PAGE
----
Attracting new customers is tough. And, too often businesses concentrate all their efforts on this endeavor, when they should be focusing on driving repeat business.  Current customers spend 67% more than new customersso why not develop a winning program to reward these valuable customers and encourage frequent repeat sales? In this series, we’ll be exploring ways to create a loyalty program that will position your business for success.

Don’t forget to check out Part One on different types of loyalty program structures.

Three-quarters of households are enrolled in at least one loyalty program, with an Building Successful Loyalty Programsaverage number of 18 different programs per household. However, less than half of these accounts are active, meaning that you’ll need to get creative if you want these programs to continue to bring repeat customers through your business’s doors. One consistent criticism of loyalty initiatives is that their rewards are not worth the amount of “work” or time and money spent in their pursuit. The following rewards will help keep customers engaged and involved in your loyalty program.

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Giving Back

A charitable twist on common rewards program, while this approach doesn’t provide a reward directly to your customer, it instead gives them the satisfaction of good will. Select a charity or foundation whose mission aligns with your business, or that is geared towards improving the community. This may seem obvious, but take care not to select something controversial or that might be polarizing to customers. Stick with a cause that everyone can feel proud to contribute towards. This type of approach has been popularized by “social good” companies like Tom’s shoes, and resonates strongly with millennials who tend to be socially-conscious consumers and often identify these values as a priority when making purchasing decisions.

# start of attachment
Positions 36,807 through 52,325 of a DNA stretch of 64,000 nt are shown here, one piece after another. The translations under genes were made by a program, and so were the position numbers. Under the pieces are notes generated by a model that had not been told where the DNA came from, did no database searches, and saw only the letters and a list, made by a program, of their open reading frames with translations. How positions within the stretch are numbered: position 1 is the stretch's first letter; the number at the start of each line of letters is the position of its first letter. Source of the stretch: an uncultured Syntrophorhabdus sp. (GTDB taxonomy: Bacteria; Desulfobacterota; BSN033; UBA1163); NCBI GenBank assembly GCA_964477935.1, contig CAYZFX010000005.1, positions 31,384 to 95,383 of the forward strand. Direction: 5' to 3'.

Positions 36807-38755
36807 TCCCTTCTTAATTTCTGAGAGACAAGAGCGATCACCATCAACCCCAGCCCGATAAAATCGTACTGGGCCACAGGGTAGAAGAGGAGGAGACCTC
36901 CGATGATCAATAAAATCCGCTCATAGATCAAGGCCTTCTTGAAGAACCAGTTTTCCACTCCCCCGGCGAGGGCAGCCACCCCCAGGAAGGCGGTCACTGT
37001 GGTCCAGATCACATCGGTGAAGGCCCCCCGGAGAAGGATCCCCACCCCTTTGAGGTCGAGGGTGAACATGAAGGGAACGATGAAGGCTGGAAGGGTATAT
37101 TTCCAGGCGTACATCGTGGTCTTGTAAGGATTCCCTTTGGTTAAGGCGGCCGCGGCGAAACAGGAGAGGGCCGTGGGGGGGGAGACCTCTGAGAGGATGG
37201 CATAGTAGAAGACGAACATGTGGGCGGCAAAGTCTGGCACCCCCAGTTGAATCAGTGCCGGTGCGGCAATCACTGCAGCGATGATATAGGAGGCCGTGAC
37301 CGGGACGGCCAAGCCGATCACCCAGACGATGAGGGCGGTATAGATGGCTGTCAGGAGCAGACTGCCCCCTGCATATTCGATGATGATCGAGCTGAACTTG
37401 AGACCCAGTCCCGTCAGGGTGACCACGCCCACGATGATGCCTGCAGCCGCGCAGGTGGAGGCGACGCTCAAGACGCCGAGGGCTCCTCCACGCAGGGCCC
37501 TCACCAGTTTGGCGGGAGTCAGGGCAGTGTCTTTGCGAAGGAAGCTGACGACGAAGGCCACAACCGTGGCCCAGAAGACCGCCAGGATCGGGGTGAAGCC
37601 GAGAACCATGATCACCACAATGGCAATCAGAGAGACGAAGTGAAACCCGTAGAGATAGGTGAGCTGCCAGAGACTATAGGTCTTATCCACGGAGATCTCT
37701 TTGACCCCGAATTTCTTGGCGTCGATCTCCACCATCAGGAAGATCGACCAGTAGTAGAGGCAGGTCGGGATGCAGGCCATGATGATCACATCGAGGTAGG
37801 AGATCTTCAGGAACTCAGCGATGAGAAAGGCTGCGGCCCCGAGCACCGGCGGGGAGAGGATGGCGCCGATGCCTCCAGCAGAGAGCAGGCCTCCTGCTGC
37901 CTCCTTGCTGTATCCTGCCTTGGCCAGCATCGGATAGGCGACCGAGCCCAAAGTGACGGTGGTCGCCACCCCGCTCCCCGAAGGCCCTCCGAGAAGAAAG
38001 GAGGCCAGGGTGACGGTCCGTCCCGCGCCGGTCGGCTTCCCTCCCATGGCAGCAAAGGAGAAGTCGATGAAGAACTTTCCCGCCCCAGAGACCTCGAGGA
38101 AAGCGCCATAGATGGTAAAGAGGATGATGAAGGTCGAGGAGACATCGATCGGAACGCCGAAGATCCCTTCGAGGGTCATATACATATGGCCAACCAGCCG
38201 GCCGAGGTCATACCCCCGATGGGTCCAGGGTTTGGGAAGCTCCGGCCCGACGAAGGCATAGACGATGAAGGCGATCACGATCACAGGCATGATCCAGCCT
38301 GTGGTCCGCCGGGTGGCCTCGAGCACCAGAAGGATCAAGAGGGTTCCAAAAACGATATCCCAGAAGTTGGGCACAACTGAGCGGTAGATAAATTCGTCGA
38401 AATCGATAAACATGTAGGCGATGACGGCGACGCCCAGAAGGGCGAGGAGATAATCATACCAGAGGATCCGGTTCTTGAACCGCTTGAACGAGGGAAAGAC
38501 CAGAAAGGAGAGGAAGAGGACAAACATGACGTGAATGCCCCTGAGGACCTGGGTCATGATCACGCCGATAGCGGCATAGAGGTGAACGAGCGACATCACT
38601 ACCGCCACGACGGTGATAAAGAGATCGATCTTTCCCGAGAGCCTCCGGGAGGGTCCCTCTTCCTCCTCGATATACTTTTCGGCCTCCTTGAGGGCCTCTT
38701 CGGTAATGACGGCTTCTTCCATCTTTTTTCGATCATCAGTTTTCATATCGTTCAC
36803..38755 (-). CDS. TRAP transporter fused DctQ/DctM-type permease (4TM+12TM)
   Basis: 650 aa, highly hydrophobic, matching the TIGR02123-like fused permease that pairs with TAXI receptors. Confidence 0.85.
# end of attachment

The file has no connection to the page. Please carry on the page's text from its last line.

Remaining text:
Partner Programs

Partnering with other complementary businesses in your community can allow you to offer more expansive, exclusive perks to your loyalty members If you’re the owner of a salon, try partnering with a massage spa to offer an ultimate a full pampering reward, or reciprocal benefits at either place. Having the same system in place across a few different businesses amplifies the perceived value of the program and encourages customers to keep accruing points and rewards. They’ll appreciate the flexibility in choosing rewards and the broad reach of the program.

Companion Offers

Popularized by frequent flyer programs, this type of reward entitles a member of your loyalty program to bring a friend along for a two-for-one service. This has the ability to turn any routine visit into a fun event, solidifying their positive association with your business. It also exposes a potential new customer to your business, and allows them to try it out, risk-free. This type of soft-sell referral is an excellent way to advertise your business and attract new customers.

Personalized Programs

Similar to how you segment your email marketing lists, you could also offer customers a “Create your own” loyalty program. Give them a few options of reward paths or tiers and allow them to choose which they find most valuable. Tailoring the offerings to their preferences really helps fuel their excitement in participating in the program and will keep them involved.